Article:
Will US exit lead to another civil war in Afghanistan?

According to Hidayat Nasar, US exit can lead to a civil war in Afghanistan as the withdrawal will create a vacuum for the Taliban to take over the war-torn country.

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From the withdrawal of US military forces to the arduous first phase of negotiations and from the intra-Afghan peace talks to the maximalist behavior of Taliban, there lies a bewildering lie and deception.

With the last hazardous juncture removed, the process of peace was moved to the war-torn country, where the conservative Taliban and the Elected government of Ashraf Ghani held horns to settle the dust of political fragmentation.

Read more: Ashraf Ghani vs Abdullah Abdullah: Afghanistan’s crisis a comedy show!

The long-lasting negotiations bore no fruitful results as there were several cases of violence where more than 120 people were killed among which were paramilitary force men and civilians.

This is a huge blow to the peace talks and surely a triumph for the spoilers. The affected provinces were Baghlan, Takhar, Uruzgan, and Helmand. The intra-Afghan talks which started on 12 September have failed to bring about drastic changes i.e., the enforcement of ceasefire in order to swiftly put the war-torn country on the track of prosperity and get rid of internal and external conflicts.

Read more: Afghan peace talks continue, so does the violence

President Joe Biden announced the withdrawal of US military forces in September this year. We delivered justice to Bin Laden a decade ago,” he said. “And we’ve stayed in Afghanistan for a decade since. Since then, our reasons for remaining in Afghanistan have become increasingly unclear.”

Britain is also planning to pull out its 750 military forces from Afghanistan at the same time, but the withdrawal could lead to a civil war as the country remains deeply divided with the Taliban controlling key areas. The victory, they believe is theirs, as American troops decided to leave Afghanistan.

Read more: Delayed US withdrawal necessary for peace in Afghanistan

What does US exit mean for the Taliban?

Taliban have promised to create an Islamic state. Moreover, the withdrawal of the US from Afghanistan can create a vacuum for the terrorist organization to take over the war-torn country as ISIS seized the opportunity in Iraq after the withdrawal of the US.

The political milieu will once again deteriorate and the masses will be left to the mercy of global interference. Also, the Taliban may feel less impetus to go to the negotiating table as a result of this unconditional withdrawal.

Read more: Taliban are not sticking to the promises made in the Afghan peace deal: Pentagon

If civil war broke out in Afghanistan, the progress made for women will also be at risk, as the radical forces don’t want them to entertain political and humanitarian practices rather, they will stress limiting women to a shuttlecock burqa.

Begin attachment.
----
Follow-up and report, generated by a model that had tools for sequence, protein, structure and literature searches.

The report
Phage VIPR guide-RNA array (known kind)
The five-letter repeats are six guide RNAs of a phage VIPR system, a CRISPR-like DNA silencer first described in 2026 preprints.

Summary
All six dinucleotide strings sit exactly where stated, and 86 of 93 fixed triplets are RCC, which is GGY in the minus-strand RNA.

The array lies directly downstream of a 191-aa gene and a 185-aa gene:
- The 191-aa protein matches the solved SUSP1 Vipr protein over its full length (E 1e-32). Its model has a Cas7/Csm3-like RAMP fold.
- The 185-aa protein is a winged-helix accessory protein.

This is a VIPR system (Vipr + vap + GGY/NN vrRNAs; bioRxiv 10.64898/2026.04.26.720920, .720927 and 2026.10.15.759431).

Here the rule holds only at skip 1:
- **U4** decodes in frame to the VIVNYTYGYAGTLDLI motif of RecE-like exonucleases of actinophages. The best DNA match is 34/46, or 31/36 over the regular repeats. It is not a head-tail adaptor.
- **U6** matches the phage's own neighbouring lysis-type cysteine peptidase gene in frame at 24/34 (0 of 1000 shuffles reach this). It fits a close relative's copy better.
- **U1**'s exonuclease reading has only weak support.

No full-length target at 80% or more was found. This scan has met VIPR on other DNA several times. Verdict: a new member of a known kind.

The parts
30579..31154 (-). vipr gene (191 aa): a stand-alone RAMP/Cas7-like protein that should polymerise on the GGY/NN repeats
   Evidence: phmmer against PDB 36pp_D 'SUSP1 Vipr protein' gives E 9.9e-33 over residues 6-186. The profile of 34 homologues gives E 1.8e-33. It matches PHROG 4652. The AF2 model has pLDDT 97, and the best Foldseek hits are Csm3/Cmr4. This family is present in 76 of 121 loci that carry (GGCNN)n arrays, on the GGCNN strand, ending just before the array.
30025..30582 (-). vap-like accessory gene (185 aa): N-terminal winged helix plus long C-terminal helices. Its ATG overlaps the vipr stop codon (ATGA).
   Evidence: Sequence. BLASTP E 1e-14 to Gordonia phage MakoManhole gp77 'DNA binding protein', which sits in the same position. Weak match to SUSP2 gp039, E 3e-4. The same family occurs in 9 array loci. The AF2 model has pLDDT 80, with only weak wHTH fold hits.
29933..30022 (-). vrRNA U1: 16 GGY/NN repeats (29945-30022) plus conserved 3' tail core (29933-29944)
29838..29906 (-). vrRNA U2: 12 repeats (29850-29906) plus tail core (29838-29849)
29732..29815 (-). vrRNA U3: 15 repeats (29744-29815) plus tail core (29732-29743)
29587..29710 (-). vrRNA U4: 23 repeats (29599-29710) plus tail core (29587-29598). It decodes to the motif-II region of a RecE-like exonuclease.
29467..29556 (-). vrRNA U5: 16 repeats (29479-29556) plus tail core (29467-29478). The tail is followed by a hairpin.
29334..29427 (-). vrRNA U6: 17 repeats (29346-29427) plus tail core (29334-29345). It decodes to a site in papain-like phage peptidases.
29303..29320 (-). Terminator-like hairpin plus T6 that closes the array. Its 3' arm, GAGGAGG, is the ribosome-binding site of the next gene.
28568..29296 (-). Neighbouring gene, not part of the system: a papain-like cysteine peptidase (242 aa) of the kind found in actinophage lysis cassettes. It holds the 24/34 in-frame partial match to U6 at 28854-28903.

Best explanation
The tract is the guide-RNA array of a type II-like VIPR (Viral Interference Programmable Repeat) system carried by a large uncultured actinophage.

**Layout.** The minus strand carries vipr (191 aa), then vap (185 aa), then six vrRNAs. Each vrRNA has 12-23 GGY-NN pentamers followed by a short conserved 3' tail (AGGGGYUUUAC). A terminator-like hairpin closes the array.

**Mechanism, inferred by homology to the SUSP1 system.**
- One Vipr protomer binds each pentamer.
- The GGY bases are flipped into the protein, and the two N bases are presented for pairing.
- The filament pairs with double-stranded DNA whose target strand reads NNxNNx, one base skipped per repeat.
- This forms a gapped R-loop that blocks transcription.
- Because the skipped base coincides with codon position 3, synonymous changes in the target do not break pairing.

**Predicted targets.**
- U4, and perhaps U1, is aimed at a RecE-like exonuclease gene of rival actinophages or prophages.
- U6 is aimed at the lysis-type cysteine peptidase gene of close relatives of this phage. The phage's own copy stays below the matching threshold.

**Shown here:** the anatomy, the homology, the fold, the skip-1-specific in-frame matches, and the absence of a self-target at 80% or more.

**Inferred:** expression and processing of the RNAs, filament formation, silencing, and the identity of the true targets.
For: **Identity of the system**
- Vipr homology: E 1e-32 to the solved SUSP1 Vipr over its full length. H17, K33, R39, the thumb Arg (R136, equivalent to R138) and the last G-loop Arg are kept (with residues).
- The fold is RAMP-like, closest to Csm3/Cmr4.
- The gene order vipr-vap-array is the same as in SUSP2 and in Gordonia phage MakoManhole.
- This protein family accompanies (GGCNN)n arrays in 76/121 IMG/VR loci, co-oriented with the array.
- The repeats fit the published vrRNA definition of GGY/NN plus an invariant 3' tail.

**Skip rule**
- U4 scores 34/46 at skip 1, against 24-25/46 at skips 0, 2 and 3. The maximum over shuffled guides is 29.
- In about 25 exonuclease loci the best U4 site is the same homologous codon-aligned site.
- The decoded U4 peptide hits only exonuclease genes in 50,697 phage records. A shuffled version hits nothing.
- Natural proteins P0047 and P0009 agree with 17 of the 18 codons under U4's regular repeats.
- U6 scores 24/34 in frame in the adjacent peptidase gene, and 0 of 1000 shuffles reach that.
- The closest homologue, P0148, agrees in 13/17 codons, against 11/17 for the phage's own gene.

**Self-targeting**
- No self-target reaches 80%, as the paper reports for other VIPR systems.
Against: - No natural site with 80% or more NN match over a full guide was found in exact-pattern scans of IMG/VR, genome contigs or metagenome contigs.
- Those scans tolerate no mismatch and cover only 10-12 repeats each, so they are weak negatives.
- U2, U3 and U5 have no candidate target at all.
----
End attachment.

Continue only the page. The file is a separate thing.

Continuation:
The dread is that the American leave will prompt breakdown of the frail Afghan government – there is no confidence in the Afghan armed forces – and a developing common conflict with the Taliban can make the way for a resurgence of al-Qaeda and a continued psychological militant danger.

Read more: Afghan forces mistakenly kill civilians, their credibility under question

Notwithstanding, the Taliban vows not to reestablish support for Al-Qaeda, unless there is proof of its proceedings with a presence on the ground.

The power-sharing game

Another dangling sword is the menace of power-sharing. It will be impossible to finalize the rules of negotiations for power-sharing until the internal conflicts are brought to a halt.

The radical and conservative group of Taliban led by Mula Ghani Baradar has insisted on the establishment of an Islamic system of governance with strict laws for crimes. They rejected the current system of Government branding it to be the one installed by America and the west.

Read more: Russia supports US plan for Taliban role in interim Afghan govt

Afghanistan has been the graveyard of empires but the quest for grabbing the upper Echelon of power by the conservative Taliban will bring havoc and catastrophe. In the midst of such uncertainty and political chaos, once again the masses will be the victims of this power-sharing game.

The situation is dire. Distrust, insecurity, and fear are rampant.

Washington must stick to the new date and ensure the process is not delayed further. And while the Taliban are talking tough about the latest development, they must show flexibility and continue to negotiate with the government in Kabul.

Read more: Mujahideen leader Hekmatyar dubs intra-Afghan peace talks ‘failed’

Moreover, following democratic credentials and having patience in listening to the rational and reasonable demands of one another will yield better results.

With the last hitch removed, the elusive Afghan dialogue now needs to be concluded fairly, impartially, and peacefully in order to put an end to the decade’s long protracted dispute.

May peace prevail in Afghanistan. May the day of peace and prosperity hasten in the roof of the world.

The author can be reached at: atizazkhan298@gmail.com. The views expressed in the article are the author’s own and do not necessarily reflect the editorial policy of Global Village Space. 

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